The Airwords event offered an interesting new angle to Airwaves ’13 by bringing, some of Iceland’s most notable writers to the party. The event was a mix of readings and music sets. Harpa Kaldalón was a comfortable and classy room for the entire evening and notably enhanced with the live projection work form artist Marcos Zotes, who contributed real-time visual manipulation of the texts being read. Event organizer, Andri Snær Magnason’s worries of poetry being a strange vibe for the festival should be put to rest, as all signs from the well attended evening indicated a great time!
To “the heartbeat of a whale” Auður Ava Ólafsdóttir’s opening lines were reflective, and beautiful. Reading both from stories and poetry, she wove a tapestry of images that quickly carried the audience into world’s her own. These pieces, “recipes” were honest and graceful; filled with the intricacies of microscopic day to day life.
Kristín Ómarsdóttir’s reading followed and spun further into the realm of the personal, and intimate. Her reading was unabashed and beautiful, moving at provocative pace. “The scope of lust to live up to the aesthetic standards of the landscape,” themes of sex, love, age, and place, where cast forward in sensuous rhythm, so affectingly and effectively , I continuously found myself to asking “wait what did she just say?”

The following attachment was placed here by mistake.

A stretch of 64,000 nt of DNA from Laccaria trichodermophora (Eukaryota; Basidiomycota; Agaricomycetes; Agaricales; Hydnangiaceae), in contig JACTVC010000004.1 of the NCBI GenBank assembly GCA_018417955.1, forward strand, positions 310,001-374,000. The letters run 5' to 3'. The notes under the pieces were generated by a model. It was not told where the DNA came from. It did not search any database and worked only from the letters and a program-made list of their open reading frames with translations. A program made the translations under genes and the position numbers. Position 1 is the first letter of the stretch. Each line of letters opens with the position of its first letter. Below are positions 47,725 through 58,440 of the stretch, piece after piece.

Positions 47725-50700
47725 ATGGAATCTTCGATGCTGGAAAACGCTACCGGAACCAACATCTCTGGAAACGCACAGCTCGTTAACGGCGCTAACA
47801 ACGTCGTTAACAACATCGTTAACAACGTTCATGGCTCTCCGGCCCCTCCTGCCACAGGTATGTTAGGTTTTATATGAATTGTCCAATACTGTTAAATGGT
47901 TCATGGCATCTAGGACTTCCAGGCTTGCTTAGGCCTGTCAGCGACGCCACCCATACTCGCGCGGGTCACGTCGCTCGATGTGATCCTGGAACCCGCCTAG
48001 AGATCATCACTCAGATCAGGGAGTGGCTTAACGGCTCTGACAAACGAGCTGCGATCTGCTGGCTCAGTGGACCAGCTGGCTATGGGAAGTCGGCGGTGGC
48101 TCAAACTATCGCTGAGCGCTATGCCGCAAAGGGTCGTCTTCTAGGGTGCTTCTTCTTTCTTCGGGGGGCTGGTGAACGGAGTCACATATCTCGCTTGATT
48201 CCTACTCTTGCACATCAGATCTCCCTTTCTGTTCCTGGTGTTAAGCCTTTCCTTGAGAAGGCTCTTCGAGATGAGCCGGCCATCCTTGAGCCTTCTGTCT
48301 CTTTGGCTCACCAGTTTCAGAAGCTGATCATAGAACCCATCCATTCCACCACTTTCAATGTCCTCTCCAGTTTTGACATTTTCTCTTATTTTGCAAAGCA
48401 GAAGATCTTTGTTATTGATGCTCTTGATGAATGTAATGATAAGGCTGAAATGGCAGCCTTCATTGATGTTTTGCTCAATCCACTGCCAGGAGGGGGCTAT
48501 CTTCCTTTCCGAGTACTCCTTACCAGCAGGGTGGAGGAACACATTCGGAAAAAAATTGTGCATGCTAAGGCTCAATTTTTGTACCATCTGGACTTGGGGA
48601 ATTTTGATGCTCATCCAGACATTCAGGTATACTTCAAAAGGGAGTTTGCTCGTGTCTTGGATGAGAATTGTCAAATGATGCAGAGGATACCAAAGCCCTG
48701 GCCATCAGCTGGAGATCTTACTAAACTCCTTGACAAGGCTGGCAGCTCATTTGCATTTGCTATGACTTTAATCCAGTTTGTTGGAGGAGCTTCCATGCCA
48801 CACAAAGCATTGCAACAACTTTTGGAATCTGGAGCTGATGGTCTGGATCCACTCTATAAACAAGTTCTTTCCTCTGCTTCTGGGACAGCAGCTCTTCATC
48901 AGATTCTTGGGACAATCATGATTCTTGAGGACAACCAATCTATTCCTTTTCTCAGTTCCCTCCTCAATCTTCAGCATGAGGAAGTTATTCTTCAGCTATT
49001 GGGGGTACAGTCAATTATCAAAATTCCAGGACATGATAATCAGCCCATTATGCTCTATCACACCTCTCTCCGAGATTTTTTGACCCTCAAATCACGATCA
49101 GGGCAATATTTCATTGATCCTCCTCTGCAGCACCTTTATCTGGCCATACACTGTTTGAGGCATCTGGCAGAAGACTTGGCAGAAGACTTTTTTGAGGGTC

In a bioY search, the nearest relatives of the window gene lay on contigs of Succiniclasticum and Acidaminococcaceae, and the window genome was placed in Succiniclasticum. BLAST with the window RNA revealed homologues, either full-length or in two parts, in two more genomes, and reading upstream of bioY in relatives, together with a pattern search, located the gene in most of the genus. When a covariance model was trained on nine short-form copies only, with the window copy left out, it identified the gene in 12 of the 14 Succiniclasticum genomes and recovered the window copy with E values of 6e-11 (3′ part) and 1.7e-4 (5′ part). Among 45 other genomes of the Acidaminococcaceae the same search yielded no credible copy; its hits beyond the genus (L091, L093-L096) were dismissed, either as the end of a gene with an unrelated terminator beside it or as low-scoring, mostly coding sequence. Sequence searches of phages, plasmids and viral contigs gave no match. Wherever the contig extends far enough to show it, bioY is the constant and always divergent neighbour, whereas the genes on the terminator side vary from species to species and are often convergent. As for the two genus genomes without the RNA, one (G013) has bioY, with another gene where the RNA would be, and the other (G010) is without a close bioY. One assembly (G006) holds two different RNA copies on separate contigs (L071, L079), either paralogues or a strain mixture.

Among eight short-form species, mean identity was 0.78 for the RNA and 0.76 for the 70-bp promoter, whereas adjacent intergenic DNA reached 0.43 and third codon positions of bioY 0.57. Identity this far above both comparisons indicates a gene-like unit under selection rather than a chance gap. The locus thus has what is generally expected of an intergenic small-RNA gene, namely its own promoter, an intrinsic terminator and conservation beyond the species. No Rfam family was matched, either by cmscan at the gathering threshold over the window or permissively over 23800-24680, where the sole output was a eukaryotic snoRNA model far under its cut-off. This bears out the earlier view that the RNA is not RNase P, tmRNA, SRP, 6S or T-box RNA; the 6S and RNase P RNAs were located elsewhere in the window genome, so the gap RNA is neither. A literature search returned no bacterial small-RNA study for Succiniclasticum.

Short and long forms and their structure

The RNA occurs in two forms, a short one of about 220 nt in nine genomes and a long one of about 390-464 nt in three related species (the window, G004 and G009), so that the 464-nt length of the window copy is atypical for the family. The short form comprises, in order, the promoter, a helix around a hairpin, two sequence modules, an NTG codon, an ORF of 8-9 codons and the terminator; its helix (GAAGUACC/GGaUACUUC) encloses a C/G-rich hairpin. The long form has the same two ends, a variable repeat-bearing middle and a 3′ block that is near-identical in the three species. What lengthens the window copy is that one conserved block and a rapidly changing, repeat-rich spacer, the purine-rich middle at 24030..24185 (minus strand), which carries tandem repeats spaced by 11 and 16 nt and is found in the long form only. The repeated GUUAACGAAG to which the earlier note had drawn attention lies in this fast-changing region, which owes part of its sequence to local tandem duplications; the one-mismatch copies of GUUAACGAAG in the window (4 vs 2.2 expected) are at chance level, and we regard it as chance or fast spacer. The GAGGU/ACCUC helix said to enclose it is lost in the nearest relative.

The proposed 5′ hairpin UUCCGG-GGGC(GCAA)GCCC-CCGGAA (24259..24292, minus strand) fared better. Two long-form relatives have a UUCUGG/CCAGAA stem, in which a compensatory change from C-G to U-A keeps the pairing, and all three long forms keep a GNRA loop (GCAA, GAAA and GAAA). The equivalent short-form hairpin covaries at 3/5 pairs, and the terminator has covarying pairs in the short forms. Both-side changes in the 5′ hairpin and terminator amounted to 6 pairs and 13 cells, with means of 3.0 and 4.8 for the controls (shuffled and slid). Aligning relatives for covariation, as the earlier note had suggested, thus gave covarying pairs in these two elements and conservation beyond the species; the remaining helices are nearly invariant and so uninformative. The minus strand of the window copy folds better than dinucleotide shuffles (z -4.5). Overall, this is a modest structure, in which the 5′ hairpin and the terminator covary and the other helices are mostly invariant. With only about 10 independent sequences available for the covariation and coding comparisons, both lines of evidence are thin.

Elín Ey sung her way into the first musical departure of the evening. A mixture of sparse rootsy acoustic songs, mostly in Icelandic offered a glimpse into this promising singer’s world. Her most notable moment for me was the gorgeously subdued cover of Fleetwood Mac’s Dreams. Possibly one of the hardest songs to cover well as a singer songwriter without running the risk of the “Freebird foul,” she owned it in a pure and original way.
Taking “cremation applications” Hallgrímur Helgason read from “Woman a Thousand Degrees.” The infamous “101 Reykjavík” author was as much a character as one would hope after reading any of his writing. A darkly hilarious chapter of dialogue between a crematorium receptionist and an old woman hoping to make her appointment for the incinerator, made me question if indeed the temperature of the room would start to rapidly rise at any given moment. His reading finished with the vicious poem “Suite and Tie” describing the 2008 collapse.
The Australian singer-songwriter and half of The Go-Betweens, Robert Forster, was the only real lackluster set of the evening. Entering the stage to a packed and visibly excited audience, Forster’s explanation for his lack of a set list felt dry and pretentious. Further, upon learning this was his first appearance in Iceland despite the impressive span of his career, that sentiment deepened. Most of the audience seemed to enjoy what he did pull out of his catalogue, but for me the spark that seems to flicker between much of the Airwaves performers and the audience seemed to be missing.